Wednesday’s Weed: Burdock

Burdock (Arctium lappa) is also known as gobo, niu bang zi, cocklebur, beggar’s buttons, cockle buttons, clotbur, bat weed and fox’s clote. Native to Eurasia, Burdock has naturalized all around the world. Burdock has been used for 3,000 years as a blood purifier and immunity booster. Burdock is both edible and medicinal.


Burdock is a tasty little weed. In Japan Burdock’s root is known as ‘gobo’ and you can find numerous recipes for preparing gobo. In addition to its tastiness, Burdock has a fair range of medicinal applications. The best use for Burdock that I have found has been as an acne treatment. My dad taught me that a Burdock seed infusion was a good facial cleanser for treating acne; it has been my experience that it always works. However, I am sure, considering the list of things Burdock is used for, that many would disagree about its best use being an acne treatment.



Burdock is a neat looking little plant. Its dark green leaves are similar to rhubarb, however rhubarb is more glossy. The leaves can get huge, a couple feet long at least. The flowers form on the prickly little burrs. They smell nice. The burrs are prone to catching on animals and clothing (hooray for seed dispersal!).

 Burdock_1 Common_Burdock_with_bee_(2984589835)

                As an Edible

Burdock is very delicious, providing you are eating the right part of it. The leaves are kind of gross and bitter, however the roots and stems/flower stalks are very good. I’m not sure what to compare the taste of the root to, it almost reminds me of celery, maybe? The stems are very similar to asparagus, and can be prepared in a similar fashion, just peel them first. They are best when harvested before the flowers bloom. The peeled root is very good in stir-fry, it’s also pretty good in soup.


As a Medicinal

                Note: I am NOT a doctor; please see one before attempting any herbal remedies.

The root, leaf and seeds of Burdock are all used in medicinal preparations. Burdock has had a reputation for being a blood purifier and immunity booster for 3,000 + years. The fresh leaves, when bruised, are a great remedy for poison ivy or oak. A decoction of the leaves makes a good acne treatment, in addition to a being a good wash for sores. Jethro Kloss recommended a Burdock salve for treating “skin eruptions, burns, wounds, swellings and hemorrhoids.” Burdock is also diuretic and a mild laxative.


In Magick

Burdock is ruled by Venus and the element of water, giving it feminine properties. Burdock is used in protective magicks. It is used in incense, baths and amulets. Burdock makes a powerful addition to protective floor washes when brewed into a tea with broom corn, rosemary and lemon grass. Strain the liquid and add to your mop water; mop the floor as usual.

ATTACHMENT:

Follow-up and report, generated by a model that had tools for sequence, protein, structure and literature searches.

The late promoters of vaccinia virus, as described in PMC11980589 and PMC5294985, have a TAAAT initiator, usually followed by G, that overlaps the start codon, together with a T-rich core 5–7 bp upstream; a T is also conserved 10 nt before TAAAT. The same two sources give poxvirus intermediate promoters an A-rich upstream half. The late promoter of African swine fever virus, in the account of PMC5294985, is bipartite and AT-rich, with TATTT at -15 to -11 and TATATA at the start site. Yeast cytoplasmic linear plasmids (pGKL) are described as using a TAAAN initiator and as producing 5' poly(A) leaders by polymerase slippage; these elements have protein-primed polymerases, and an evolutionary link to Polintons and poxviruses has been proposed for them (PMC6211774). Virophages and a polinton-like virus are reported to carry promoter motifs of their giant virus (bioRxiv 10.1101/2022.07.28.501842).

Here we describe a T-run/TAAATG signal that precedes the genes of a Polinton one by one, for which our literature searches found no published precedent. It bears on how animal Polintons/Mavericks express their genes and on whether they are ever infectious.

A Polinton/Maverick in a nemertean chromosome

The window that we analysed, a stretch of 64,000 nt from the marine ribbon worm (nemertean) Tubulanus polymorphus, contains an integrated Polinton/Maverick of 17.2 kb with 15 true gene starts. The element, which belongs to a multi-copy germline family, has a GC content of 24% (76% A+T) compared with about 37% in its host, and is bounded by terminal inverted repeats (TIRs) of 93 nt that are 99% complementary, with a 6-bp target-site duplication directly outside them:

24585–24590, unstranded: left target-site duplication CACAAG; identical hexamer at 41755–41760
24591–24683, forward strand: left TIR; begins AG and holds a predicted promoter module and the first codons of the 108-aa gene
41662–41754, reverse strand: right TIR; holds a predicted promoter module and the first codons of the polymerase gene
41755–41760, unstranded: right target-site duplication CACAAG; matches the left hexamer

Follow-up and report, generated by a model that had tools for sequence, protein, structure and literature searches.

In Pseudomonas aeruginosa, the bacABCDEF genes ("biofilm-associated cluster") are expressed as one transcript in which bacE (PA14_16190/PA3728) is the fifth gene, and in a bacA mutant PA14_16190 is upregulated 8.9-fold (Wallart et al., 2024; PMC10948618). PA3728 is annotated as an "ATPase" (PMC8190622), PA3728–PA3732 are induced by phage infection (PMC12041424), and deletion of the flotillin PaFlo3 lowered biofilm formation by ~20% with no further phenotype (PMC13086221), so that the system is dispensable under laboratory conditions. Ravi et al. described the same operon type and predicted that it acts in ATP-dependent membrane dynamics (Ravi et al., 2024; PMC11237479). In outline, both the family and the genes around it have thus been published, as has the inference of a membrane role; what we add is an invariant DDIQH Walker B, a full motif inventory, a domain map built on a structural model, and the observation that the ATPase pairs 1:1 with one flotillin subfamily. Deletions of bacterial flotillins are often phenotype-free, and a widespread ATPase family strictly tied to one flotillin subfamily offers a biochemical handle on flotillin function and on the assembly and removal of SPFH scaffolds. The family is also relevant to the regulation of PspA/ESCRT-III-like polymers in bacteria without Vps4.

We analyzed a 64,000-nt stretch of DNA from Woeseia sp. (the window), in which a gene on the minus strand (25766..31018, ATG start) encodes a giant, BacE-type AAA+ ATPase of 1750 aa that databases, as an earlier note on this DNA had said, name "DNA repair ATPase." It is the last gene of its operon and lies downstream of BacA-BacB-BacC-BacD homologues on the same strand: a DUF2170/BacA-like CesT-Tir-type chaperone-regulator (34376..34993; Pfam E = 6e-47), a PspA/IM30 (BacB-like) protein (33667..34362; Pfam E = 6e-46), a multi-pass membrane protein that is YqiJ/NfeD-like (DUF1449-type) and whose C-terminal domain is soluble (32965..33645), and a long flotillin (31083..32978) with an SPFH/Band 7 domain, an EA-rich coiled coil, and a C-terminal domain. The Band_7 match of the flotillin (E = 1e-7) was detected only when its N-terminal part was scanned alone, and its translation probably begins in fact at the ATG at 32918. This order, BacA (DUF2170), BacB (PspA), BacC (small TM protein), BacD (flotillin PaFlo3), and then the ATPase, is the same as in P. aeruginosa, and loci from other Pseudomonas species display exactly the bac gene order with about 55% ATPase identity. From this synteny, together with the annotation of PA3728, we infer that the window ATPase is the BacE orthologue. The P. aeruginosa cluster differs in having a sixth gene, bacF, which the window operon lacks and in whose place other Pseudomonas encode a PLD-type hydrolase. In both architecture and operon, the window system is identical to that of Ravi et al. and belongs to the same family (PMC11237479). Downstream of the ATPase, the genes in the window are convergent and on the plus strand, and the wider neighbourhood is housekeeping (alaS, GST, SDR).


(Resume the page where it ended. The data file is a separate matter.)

Works Cited

Cunningham, Scott. “Cunningham’s Encyclopedia of Magical Herbs”. Llewellyn Publications. Minneapolis. 1985. Print.

Lust, John “The Herb Book”. Bantam Books, Inc. New York. 1974. Print.

Rose, Jeanne “Herbs & Things”. Putnam Publishing Group. New York. 1972. Print.

Yronwode, Catherine “Hoodoo Herb and Root Magic: A Materia Magica of African-American Conjure and Traditional Formulary Giving the Spiritual Uses of Natural Herbs, Roots, Minerals and Zoological Curios”. Lucky Mojo Curio Company. Forestville. 2002. Print.

Photo Credits

All images from the Wikimedia Commons.


The Pagan Experience: Personal Practice

Personal Practice- Share your favorite spiritual/magickal practices. What tools are incorporated into your daily practice? What feeds you and replenishes you?


This was a hard prompt for me. I have several spiritual and magickal practices that I consider to be favorites. But, in the end I decided to go with the one dearest to my heart, reading. Yeah, I really did just say reading (sorry, totally the most boring Pagan on the block…). Reading also happens to be my favorite secular activity, and those closest to me are probably not surprised to hear that it is an important part of my spiritual practices as well. I have always been an avid reader, it started with fairy tales and mythology (is it any wonder that I grew up to believe in faeries and worship trees?), and eventually just kind of took over. Seriously, I have been known to read food labels when lacking true reading material. As such, I always have a book (or ten) that I am reading, right now I’m about forty pages into Alexander Porteous’ The Forest in Folklore and Mythology. The book I devoured before that was Witchcraft Medicine: Healing Arts, Shamanic Practices, and Forbidden Plants